Alex – Not making them feel like they are not marketable in the workplace when they are done being a SAHM, when they are probably the best woman for the job, put job is like 10 in 1 and we don’t get paid we do it because we feel called to be at home with our kids for the time being.
Lenae – I think society needs to be supportive of moms in general. We’re all just trying to do what’s best for our families. Staying at home is hard work. Going to work is hard too. I also think moms need to be more supportive of each other. Every one of us has struggles. I wish we all put more effort into supporting each other and all the mom decisions we make rather than comparing ourselves to others and judging each other.
Kassi W. – I think communities can really support sahm by providing established mom groups like MOPs that offer moms much-needed opportunities to socialize with one another while also giving and receiving encouragement.
Angela B. – Oh my gosh, can they lay off already? Stop pressuring us to go to work. Stop insinuating that staying home is “giving up on our dreams”. How about some financial support or some kind of tax rebate for parents who stay home and take care of their own children during the day? Or a paid maternity leave for those who have to work to support their family, but want to be home with their little ones? It’s time to realize the value that there is when moms (and dads) stay home with their young children is so important.
Jackie M. – I feel that our society/communities could better support SAHMs by offering them some sort of compensation for what we do. Whether people know it, or not, it’s a lot of work! Often times, moms are staying home because childcare is too expensive, and financially it makes more sense for them to stay home. To have some sort of compensation available for us would be so beneficial.
Kristi H. – I think this can come in two folds. 1. Realize that being a stay-at-home mom is actually really hard. They aren’t JUST moms. They are the main director of the most important work on earth. Raising the next generation. 2. Bring them back to the table. I read a post once of a woman who was watching a mother in a restaurant try and keep her busy toddler out of trouble at a celebration for a friend. This mother missed it all. She missed the cake. She probably ate part of her dinner. She was isolated. We need to reach out and bring mothers back to the table. Offer help. Recognize their needs and fill it. Even for 15 mins. Motherhood can be isolating. We can help change that for one mom at a time.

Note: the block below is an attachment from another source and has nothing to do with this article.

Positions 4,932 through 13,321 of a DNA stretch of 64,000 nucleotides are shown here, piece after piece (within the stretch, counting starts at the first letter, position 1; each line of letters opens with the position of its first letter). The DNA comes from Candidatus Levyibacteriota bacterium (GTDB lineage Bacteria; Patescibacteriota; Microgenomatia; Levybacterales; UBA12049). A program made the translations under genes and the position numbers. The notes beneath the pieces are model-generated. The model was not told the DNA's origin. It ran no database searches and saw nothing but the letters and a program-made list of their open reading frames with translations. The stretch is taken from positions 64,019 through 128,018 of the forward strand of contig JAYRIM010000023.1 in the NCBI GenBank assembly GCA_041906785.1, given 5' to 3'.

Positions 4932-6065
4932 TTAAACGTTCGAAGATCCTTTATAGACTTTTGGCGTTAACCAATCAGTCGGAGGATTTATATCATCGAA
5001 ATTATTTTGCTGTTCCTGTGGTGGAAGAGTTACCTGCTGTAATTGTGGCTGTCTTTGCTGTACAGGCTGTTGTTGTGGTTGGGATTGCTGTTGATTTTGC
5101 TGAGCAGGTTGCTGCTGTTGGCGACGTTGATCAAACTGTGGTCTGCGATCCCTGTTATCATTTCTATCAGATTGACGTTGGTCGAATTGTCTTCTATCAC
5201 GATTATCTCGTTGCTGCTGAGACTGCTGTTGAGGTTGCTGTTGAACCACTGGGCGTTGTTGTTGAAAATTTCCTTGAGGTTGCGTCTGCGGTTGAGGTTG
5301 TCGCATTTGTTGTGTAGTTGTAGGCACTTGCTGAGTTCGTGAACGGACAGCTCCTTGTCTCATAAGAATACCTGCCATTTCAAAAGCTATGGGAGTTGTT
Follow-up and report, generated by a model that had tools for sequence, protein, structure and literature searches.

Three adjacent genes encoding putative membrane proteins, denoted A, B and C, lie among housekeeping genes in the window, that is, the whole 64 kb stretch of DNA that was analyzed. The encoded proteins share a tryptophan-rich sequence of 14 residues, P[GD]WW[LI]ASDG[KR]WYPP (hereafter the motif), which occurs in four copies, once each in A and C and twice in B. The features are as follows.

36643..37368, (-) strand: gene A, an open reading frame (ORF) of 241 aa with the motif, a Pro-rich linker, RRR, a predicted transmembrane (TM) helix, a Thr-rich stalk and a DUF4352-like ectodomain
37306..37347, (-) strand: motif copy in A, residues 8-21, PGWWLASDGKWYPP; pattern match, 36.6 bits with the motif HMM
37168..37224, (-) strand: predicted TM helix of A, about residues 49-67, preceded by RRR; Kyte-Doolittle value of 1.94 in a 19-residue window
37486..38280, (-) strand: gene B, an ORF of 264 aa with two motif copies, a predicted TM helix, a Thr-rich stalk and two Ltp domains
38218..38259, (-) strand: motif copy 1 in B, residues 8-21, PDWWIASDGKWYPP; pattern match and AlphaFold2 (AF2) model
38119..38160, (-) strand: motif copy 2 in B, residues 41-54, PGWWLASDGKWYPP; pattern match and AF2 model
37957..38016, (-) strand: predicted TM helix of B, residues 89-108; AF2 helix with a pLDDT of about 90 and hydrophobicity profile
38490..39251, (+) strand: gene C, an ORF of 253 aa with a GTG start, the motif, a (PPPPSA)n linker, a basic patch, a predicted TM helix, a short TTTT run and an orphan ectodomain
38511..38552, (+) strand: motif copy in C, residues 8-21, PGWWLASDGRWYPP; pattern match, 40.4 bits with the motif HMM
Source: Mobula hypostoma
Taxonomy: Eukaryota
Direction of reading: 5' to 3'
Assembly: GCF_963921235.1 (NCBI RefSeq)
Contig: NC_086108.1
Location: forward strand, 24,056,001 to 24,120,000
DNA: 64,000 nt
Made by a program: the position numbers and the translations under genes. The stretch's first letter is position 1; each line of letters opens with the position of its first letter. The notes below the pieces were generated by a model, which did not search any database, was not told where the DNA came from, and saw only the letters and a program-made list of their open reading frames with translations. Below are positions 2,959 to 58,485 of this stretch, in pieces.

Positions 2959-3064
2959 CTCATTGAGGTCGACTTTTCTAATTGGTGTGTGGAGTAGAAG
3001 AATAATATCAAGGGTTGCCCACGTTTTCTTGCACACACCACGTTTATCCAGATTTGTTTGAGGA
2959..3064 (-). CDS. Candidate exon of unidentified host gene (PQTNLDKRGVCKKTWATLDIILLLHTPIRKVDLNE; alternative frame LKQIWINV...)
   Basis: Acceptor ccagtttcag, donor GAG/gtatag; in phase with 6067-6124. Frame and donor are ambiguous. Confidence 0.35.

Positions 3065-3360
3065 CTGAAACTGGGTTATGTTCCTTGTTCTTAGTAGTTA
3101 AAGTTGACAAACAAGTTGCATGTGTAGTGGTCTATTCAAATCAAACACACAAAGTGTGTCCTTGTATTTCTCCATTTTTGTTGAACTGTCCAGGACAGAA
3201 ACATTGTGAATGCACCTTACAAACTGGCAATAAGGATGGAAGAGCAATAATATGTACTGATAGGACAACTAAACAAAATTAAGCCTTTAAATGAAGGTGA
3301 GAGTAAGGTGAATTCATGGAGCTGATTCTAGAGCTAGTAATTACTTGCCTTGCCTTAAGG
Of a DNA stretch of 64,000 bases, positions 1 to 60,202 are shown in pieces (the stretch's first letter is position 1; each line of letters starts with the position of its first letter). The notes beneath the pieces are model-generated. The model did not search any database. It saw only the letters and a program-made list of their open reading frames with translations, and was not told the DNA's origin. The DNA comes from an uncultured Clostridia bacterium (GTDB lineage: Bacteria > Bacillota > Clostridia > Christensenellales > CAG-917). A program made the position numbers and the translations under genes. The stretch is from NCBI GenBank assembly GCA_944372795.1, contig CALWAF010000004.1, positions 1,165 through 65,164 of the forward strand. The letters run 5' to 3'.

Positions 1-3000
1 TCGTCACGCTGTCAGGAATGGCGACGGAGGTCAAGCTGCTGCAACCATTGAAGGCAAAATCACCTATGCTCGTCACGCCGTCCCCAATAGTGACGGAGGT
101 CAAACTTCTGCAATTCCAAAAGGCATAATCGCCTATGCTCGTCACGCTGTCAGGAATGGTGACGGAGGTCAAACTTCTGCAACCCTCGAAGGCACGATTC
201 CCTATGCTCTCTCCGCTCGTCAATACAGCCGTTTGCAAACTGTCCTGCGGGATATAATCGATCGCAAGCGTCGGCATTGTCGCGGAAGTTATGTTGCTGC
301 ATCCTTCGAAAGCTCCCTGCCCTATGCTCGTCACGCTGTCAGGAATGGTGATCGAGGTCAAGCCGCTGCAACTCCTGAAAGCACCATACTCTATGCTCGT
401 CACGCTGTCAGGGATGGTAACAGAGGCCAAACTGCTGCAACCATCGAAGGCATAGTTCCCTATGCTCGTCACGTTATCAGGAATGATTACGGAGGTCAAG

Dawn L. – I think our society can better help SAHMs by allowing more space for community. This was particularly important when my boys were younger. I started running with the Muffin Runners once a week when my older son shortly after I left my job at the hospital. Having time to spend with adults & those that embraced us with open arms was so helpful! That’s how I met one of my best friends (also a SAHM & runner) and now we run together regularly.
Whitney L.– Some of the most meaningful things people have ever done for me were pushing my cart out of the store for me while I chased a child, and another time when a lady tried to help me find my lost cell phone by calling it. Little things like this mean the world to a mother trying to get out of the house with her children. Also, the strangers who have kind comments, they are the best! Believe me, when a kid is throwing a tantrum in the store, no one wishes they weren’t more than Mom! In today’s day in age, there are fewer mothers staying home with their kids. You aren’t very likely to have a friend across the road to visit/call for help in an emergency. We are very lucky to have awesome next door neighbors who would be willing to help us in such a situation.
Sarah S. – I actually think our society/communities already goes above and beyond to help out stay at home mammas. Things seem to be easier now than they’ve ever been! They have nursing rooms in most shopping malls and stores nowadays to breastfeed, they have a free grocery pick up service at WalMart and if you do need to actually go in a store, they have cup holders built right on the shopping cart so you can enjoy your morning cup of joe while doing your mom thing. Also, I have traveled with my kids many times and people are usually always so sweet and understanding. I guess the one thing that sticks out to me is when I was pregnant all 3 times, I suffered from hyperemesis gravidarum and I could not have survived without my mom. I had to move in with her every time and it really got me thinking that there should be some kind of ministry or outreach for that when women struggle with HG, cause what would I have done without my mom? Other than that though, I really can’t think of anything that has gotten worse, I only see things as getting better and more family friendly. I think we can all get so caught up in negativity so easily, but as for me, I refuse to live my life acting like the world owes me a living. It’s not all about me and I have truly gotten over myself. I am in the waiting room, waiting to go Home (Heaven). I am here for 2 reasons: To love God and to love others (even if it’s tough love). In that, my mission is to raise my children as best as I can and be there for my husband in every way and I can only do this through the power of The Holy Spirit. I fail often, but the blood of Jesus Christ covers me and through His grace, I pick myself up, dust myself off and try again. Sometimes I get it right, sometimes I don’t, but my heart is always seeking how to love others and to learn. I am thankful to worship Almighty God who never stops loving me and teaching me.